It’s a hard slog running a supermarket when so many more people have been forced to cook from home instead of going out for meals or picking them up on the go. Like many of its peers, Tesco has done an incredible job keeping its shelves stocked and doing everything it can to boost its capacity to fulfil more online orders.
“The results are laid bare in its latest update which shows decent like-for-like sales growth over the Christmas period in nearly all parts of the business.
“Covid-related costs have gone up, acting as an important reminder that the extra demand for food and drink isn’t all pure profit.
“What’s beneficial to the business is the fact we’re seeing a live stress test play out. If anyone ever questioned whether Tesco could cope under pressure from a significant change in circumstances, the answer is firmly ‘yes’.
“Stress tests tend to be a short exercise, but this one has been playing out for 10 months and it keeps taking a new direction, such as supermarkets now cracking down on the use of face masks and the impact that will have on trade and getting staff to make sure people follow the rule.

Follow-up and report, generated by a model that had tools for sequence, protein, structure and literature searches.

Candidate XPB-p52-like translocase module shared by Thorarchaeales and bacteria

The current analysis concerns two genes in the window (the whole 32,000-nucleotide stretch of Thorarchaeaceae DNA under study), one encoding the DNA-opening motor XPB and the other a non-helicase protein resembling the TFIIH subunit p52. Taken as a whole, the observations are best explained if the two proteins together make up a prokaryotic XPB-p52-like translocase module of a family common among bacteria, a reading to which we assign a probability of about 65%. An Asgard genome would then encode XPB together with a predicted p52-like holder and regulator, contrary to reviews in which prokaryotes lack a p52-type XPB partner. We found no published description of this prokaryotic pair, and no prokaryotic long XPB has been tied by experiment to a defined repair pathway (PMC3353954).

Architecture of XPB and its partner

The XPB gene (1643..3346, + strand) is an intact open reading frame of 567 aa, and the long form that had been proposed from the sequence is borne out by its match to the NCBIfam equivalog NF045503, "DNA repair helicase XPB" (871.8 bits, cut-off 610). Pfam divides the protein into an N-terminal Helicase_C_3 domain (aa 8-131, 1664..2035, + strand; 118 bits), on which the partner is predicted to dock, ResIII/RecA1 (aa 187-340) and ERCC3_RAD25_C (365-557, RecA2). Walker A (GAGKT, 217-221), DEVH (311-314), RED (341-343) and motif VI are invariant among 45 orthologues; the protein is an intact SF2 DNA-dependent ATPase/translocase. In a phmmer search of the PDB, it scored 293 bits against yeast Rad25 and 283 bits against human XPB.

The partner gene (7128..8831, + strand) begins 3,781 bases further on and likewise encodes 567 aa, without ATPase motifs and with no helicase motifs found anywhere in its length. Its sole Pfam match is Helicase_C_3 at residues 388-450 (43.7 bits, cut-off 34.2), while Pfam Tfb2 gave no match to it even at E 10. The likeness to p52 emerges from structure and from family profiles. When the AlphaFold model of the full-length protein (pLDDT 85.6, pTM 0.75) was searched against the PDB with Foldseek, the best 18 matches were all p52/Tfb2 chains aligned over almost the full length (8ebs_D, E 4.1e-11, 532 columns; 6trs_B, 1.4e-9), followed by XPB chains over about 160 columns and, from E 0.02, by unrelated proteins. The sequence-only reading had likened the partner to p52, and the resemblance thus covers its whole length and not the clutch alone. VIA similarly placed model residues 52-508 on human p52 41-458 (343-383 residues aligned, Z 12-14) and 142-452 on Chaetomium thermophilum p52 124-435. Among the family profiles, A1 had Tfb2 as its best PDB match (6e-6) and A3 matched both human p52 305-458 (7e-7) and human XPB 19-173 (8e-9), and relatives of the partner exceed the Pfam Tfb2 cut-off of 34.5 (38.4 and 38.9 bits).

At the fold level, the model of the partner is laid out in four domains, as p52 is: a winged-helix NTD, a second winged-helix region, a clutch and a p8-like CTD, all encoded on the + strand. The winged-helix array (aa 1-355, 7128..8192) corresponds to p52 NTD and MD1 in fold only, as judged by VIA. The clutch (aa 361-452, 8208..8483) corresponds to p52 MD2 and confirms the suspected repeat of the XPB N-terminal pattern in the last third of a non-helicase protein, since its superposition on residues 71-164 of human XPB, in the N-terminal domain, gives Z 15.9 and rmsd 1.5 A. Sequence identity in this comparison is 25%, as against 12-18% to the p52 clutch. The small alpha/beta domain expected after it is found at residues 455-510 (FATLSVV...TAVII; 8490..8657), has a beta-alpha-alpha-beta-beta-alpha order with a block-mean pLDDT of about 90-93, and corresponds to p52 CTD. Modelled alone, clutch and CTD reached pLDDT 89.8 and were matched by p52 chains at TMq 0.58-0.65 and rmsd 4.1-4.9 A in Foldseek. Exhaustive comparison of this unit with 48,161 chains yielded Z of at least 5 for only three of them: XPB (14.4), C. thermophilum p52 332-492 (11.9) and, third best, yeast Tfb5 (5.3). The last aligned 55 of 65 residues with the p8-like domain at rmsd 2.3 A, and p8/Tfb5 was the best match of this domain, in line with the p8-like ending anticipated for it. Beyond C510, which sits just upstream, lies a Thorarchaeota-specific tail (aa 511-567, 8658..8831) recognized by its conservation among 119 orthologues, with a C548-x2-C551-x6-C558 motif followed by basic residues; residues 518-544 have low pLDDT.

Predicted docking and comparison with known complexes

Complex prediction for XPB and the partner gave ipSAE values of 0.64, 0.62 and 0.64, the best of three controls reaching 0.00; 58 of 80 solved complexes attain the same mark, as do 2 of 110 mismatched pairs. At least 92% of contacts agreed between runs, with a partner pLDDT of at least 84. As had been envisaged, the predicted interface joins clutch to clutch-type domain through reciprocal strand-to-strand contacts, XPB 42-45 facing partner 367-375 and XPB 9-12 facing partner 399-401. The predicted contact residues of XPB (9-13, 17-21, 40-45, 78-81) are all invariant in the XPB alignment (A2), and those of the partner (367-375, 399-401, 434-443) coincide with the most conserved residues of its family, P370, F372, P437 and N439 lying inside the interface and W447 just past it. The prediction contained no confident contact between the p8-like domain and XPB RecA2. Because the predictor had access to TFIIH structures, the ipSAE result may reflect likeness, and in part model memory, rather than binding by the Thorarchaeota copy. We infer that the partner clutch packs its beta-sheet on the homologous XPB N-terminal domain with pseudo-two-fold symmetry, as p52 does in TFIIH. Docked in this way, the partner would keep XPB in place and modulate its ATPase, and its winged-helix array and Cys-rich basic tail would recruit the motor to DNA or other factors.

“Supermarket workers are under a lot of stress because of the higher demand for products as well as the unfortunate abuse from some customers. Therefore, management deserves a lot of credit for keeping the ship steady.
“Against this resilience, one cannot ignore the problems within Tesco’s wholesale business, Booker. Flat like-for-like sales in the third quarter, weak Christmas trading and a like-for-like sales decline over the past 19 weeks goes to show that some factors are out of Tesco’s hands. Booker is likely to struggle for as long as lockdown restrictions remain in place. And as for Tesco Bank, the less said about it, the better.”